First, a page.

The Centre for Human Rights joins the rest of South Africa to celebrate Freedom Day 2017. On 27 April 1994, there was a major shift in South Africa’s trajectory with the first non-racial post-apartheid election being held in the country. Twenty three years ago, by this symbolic exercise, apartheid and oppression were formally rejected and South Africa resolved to ensure democracy and equality. This Freedom Day milestone was preceded by the struggle, bloodshed, purposefulness, hard work and the resilience of the people of South Africa. However, it is pertinent to note that the celebration of Freedom Day is South Africa’s victory just as much as it is the victory of Africa and the world. In Nelson Mandela’s speech at the 1995 Freedom Day celebration, he stated that Freedom Day marks a ‘transition from a history of oppression to a future of freedom.’ While revelling in our glorious past on a day like today, South Africa’s present and tomorrow are equally to be reflected upon and attended to.
The Freedom Day elections were not just a political exercise of slipping ballot papers into ballot boxes. They were, and still are symbolic of the recognition of the human rights to equality and non-discrimination. This recognition is contained in the South Africa’s Constitution, the Promotion of Equality and Prevention of Unfair Discrimination Act as well as the African Charter on Human and Peoples’ Rights to which South African became party to in 1996 not long after celebrating its first Freedom Day. These legal standards are unanimous that the rights of everyone, including sexual and gender minorities, are deserving of state protection, promotion and fulfilment. This is to effect that the human rights to equality and non-discrimination are the very foundation on which post-apartheid South Africa is being built.
However, there are still recurrent cases of violence and hate crimes targeted at sexual and gender minorities at all levels: gay men are still targets of brutal attacks; lesbians, transgender and gender non-conforming persons are victims of attacks and corrective rape. Intersex persons are still subjected to intersex genital mutilation at birth, and demeaning treatment by service providers. Sexual and gender minorities are still largely unprotected in their neighbourhoods, the schools, places of worship, public spaces, online social platforms and even at home. Looking at 2017 from the optimism of 1994, this status quo would have seemed an unlikely nightmare. This is especially as South Africa is the first country in the world to constitutionally prohibit discrimination on the grounds of sexual orientation. These are some of the issues that both state and non-state actors have to reflect upon and attend to as part of our celebration of Freedom Day 2017.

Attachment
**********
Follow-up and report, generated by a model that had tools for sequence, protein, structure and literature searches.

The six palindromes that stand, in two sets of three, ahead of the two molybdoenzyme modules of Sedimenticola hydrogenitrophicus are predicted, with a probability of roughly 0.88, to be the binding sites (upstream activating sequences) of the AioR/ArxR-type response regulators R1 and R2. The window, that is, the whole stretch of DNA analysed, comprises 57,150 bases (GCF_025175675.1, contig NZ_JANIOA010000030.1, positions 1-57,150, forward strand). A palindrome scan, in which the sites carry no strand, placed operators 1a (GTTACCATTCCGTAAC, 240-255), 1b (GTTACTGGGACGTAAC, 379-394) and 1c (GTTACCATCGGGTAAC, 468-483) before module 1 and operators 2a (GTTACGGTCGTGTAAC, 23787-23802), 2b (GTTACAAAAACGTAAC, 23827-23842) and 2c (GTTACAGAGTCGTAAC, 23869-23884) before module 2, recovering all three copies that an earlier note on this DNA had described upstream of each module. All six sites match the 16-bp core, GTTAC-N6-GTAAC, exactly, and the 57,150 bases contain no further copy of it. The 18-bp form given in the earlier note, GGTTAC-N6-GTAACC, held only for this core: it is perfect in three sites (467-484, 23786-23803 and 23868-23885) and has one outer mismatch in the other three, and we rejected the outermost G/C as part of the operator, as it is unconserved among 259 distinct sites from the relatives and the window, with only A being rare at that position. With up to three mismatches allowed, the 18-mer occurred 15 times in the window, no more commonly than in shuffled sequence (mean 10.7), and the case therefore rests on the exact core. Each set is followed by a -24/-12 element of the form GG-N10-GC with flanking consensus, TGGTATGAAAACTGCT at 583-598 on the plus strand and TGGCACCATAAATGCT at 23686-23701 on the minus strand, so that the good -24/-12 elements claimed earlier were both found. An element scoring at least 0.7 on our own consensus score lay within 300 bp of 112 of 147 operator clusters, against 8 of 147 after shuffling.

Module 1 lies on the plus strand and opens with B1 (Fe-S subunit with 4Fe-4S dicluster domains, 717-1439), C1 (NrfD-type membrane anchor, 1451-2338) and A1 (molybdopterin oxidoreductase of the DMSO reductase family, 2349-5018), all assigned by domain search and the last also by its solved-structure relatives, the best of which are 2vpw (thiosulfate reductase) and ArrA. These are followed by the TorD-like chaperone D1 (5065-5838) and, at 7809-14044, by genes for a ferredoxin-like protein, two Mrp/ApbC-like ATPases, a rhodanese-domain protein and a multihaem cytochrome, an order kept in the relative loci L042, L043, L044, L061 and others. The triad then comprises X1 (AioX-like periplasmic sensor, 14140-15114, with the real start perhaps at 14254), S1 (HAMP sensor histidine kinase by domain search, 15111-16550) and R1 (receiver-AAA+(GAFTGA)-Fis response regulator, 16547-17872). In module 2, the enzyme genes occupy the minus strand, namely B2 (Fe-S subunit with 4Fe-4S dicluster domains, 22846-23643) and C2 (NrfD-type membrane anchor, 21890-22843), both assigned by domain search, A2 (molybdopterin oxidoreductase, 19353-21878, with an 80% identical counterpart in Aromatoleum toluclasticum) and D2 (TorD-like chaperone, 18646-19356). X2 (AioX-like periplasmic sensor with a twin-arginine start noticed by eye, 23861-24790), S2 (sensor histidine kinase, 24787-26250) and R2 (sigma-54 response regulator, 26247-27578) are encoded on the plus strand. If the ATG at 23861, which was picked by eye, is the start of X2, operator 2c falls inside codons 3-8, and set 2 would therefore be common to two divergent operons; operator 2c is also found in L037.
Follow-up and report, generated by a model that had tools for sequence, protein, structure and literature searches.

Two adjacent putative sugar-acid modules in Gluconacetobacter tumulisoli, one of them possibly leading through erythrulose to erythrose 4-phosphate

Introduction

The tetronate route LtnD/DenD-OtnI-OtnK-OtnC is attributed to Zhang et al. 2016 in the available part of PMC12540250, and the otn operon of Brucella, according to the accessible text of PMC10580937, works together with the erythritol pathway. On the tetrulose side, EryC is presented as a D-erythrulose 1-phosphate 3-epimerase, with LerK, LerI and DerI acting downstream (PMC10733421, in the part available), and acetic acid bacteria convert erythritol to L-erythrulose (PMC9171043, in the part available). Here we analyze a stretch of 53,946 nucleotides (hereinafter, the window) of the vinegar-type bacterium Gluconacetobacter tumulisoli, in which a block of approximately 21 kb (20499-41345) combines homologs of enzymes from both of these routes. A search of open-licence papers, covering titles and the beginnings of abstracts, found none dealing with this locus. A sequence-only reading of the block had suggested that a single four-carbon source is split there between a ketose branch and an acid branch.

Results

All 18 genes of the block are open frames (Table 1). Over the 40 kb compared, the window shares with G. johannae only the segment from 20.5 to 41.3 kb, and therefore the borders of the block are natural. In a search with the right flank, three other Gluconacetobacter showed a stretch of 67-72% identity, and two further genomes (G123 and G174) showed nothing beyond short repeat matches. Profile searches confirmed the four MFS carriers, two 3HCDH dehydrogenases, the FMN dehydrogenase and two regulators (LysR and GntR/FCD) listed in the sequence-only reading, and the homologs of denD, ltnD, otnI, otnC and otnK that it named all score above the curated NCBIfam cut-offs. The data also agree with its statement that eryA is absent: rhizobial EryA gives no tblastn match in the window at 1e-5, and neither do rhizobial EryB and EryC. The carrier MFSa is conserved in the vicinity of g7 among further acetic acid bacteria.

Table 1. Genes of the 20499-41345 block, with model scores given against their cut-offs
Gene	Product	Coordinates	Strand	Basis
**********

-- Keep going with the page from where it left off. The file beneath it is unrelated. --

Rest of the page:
Agreeing with Nelson Mandela, there is really no short cut to realising our dreams for South Africa. State and non-state actors need to work harder and together at all levels to ensure that our values and visions of human worth, human rights and Ubuntu are realised. Freedom Day was not handed to us on a silver platter and preserving it will not be easy. All hands must be on deck to fight these unfounded prejudice and attacks on sexual and gender minorities and to align attitudes with the law.
The Centre for Human Rights is of the view that, in as much as the state authorities, laws, policies and structures have an invaluable role in ensuring that the human rights, particularly those of sexual and gender minorities, are protected, non-state actors, individuals, schools, worship places and civil society have their parts to play in realising equality and non-discriminations further. We are all in this together.
The Centre for Human Rights works for the improvement of the human rights of minorities - including sexual minorities - and other disadvantaged or marginalised persons or groups across the continent.
Funded by the the Royal Netherlands Embassy in Pretoria, the Centre's SOGIE Unit focuses on education, capacity-building, advocacy and legal aid in the area of LGBTI rights and anti-discrimination. This poster highlights great South Africans who identify as LGBTI persons, who are leaders in their field, and whose work contributes to the realisation of sexual minority rights in South Africa.
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